Art History, 2017
In 2008, the Adam Art Gallery staged an exhibition entitled Te Mata: The Ethnological Portrait. At its heart was a series of nine portrait busts by the Sydney sculptor, Nelson Illingworth.
The portraits came from the storerooms of Te Papa, into an environment where they could be seen as inhabiting an "intriguing middle ground between Pākehā art history and Mātauranga Māori" (Blackley 2008, 7).
Colonial art works such as Illingworth’s have had a troubled history in Aotearoa New Zealand. As with Charles F. Goldie’s famous portraits, questions have often been asked about what these works really mean.
Do they offer a nuanced and important glimpse into Māori life, or do they merely provide fuel for the ‘white saviour’ myth, of a colonial power preserving the memory of a ‘dying race’?
Roger Blackley, associate professor of Art History at Victoria and curator of Te Mata, directly addressed these concerns.
The exhibition helped the viewer to see the relationship between artist and subject, restoring the agency of the Māori men and women who posed for Illingworth’s sculptures.
At the turn of the twentieth century, the cultural institutions of New Zealand were engaged in a project of salvage ethnology. This concept, internationally popular in this period, saw attempts to ‘save’ the culture of ‘dying races’.
These problematic efforts, tied to many of the racially charged assumptions of colonialism, were associated with the encyclopaedic collection of cultural artefacts. In New Zealand, colonial museums were charged with the preservation of a "'classic' Māori culture that was located in a frozen, romanticised part before colonisation" (Blackley 2010, 9).
It was partly in the service of this mission that Illingworth was commissioned to produce the sculptures shown at Te Mata. In 1908, he was hired by Augustus Hamilton of the Dominion Museum to create a series of portraits intended to serve as a record of classic Māori ‘types’.
The series, including a portrait of Hamilton, was completed by 1909. Although they were initially meant to be cast in bronze, this never came to pass, and the busts that survive today are of painted plaster.
The sculptures are not entirely faithful to the subjects they depict, deviating from their subjects in the pursuit of Hamilton and Illingworth’s ethnological goal.
Of his portrait of Pātara Te Tuhi, Illingworth noted that his features "will not be reproduced exactly. The object of the sculptor is to perpetuate an ancient Māori type and if Te Tuhi’s features departed at any point from the ancestral pattern the sculptor will conform them in his model to the old ideal" (Illingworth n.d.).
In Pātara Te Tuhi, Illingworth found not only a Māori type, but also recognised the likeness of Julius Caesar. And, in Kahotea Hepi Te Heuheu he found Napoleon Bonaparte. This preoccupation with racial types, both European and Māori, is arguably the reason it took so long for the series to see the light of day.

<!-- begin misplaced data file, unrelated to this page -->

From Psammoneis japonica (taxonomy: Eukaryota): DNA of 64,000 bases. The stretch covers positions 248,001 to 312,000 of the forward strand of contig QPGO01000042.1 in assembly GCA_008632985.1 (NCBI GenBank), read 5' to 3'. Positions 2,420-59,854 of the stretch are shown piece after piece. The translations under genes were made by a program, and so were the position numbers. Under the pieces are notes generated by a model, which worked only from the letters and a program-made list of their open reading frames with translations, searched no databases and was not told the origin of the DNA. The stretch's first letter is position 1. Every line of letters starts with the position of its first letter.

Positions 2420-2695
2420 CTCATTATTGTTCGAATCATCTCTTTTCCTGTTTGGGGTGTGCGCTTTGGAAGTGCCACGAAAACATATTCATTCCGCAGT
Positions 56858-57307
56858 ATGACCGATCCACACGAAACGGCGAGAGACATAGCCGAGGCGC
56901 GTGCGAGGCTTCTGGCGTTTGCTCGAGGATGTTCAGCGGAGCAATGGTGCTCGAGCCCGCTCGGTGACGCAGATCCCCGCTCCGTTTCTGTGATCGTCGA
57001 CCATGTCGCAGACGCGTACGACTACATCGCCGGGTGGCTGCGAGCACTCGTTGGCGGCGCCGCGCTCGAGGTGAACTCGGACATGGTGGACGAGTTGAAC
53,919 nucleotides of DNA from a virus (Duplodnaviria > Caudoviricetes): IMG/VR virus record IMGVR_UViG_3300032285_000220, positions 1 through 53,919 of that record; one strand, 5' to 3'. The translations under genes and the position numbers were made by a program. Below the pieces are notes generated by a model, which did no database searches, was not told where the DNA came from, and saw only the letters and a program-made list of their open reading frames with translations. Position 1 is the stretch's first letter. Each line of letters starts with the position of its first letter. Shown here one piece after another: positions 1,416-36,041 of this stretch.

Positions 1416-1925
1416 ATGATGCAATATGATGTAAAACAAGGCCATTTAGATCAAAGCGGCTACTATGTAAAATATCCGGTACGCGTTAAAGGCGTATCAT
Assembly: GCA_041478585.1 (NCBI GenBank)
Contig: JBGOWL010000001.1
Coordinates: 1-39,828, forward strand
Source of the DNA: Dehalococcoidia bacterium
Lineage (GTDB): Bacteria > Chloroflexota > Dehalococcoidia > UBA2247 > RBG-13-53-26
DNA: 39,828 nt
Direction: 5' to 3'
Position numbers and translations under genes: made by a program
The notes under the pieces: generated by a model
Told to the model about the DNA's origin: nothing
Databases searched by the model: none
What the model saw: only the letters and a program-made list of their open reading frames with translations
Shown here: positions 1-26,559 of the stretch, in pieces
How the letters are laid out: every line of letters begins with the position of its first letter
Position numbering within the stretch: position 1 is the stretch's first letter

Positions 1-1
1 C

It is tempting to dismiss the busts as an act of colonial ownership, and as misguided Pākehā appropriation. But with Te Mata, Blackley suggested that there may be more than meets the eye.
Because of this problematic association with ethnology, the works had largely, Blackley asserts, "languished in an ethnographic store room" over the 100 years between their creation and their Adam Art Gallery exhibition.
As a curator, Blackley is interested in shifting things that are hidden or neglected into plain view. The Adam was the perfect location to achieve this for the Illingworth busts because of its role as a university gallery and "generator of knowledge".
Blackley wanted to move the perception of the portraits from "ethnographic objects to fully fledged works of art". In doing so, he sought to emphasise the collaborative nature of the works.
In this light, we can recognise the "subjects as co-authors", and see more than just Illingworth’s ‘types’.
Blackley provided context for the actual people depicted, and for the history of the depiction of Māori at that period in New Zealand history.
While Illingworth may have been striving for an idealised stereotype, the fact remains that life casting was one of his techniques.
The identity of these individual people still shines through in each bust. Their mana is not diminished by Illingworth or Hamilton’s ethnological goals.
Blackley’s treatment of these artefacts at Te Mata allowed us finally to see the portraits both for the people they show, and for their contribution to the history of sculpture in New Zealand.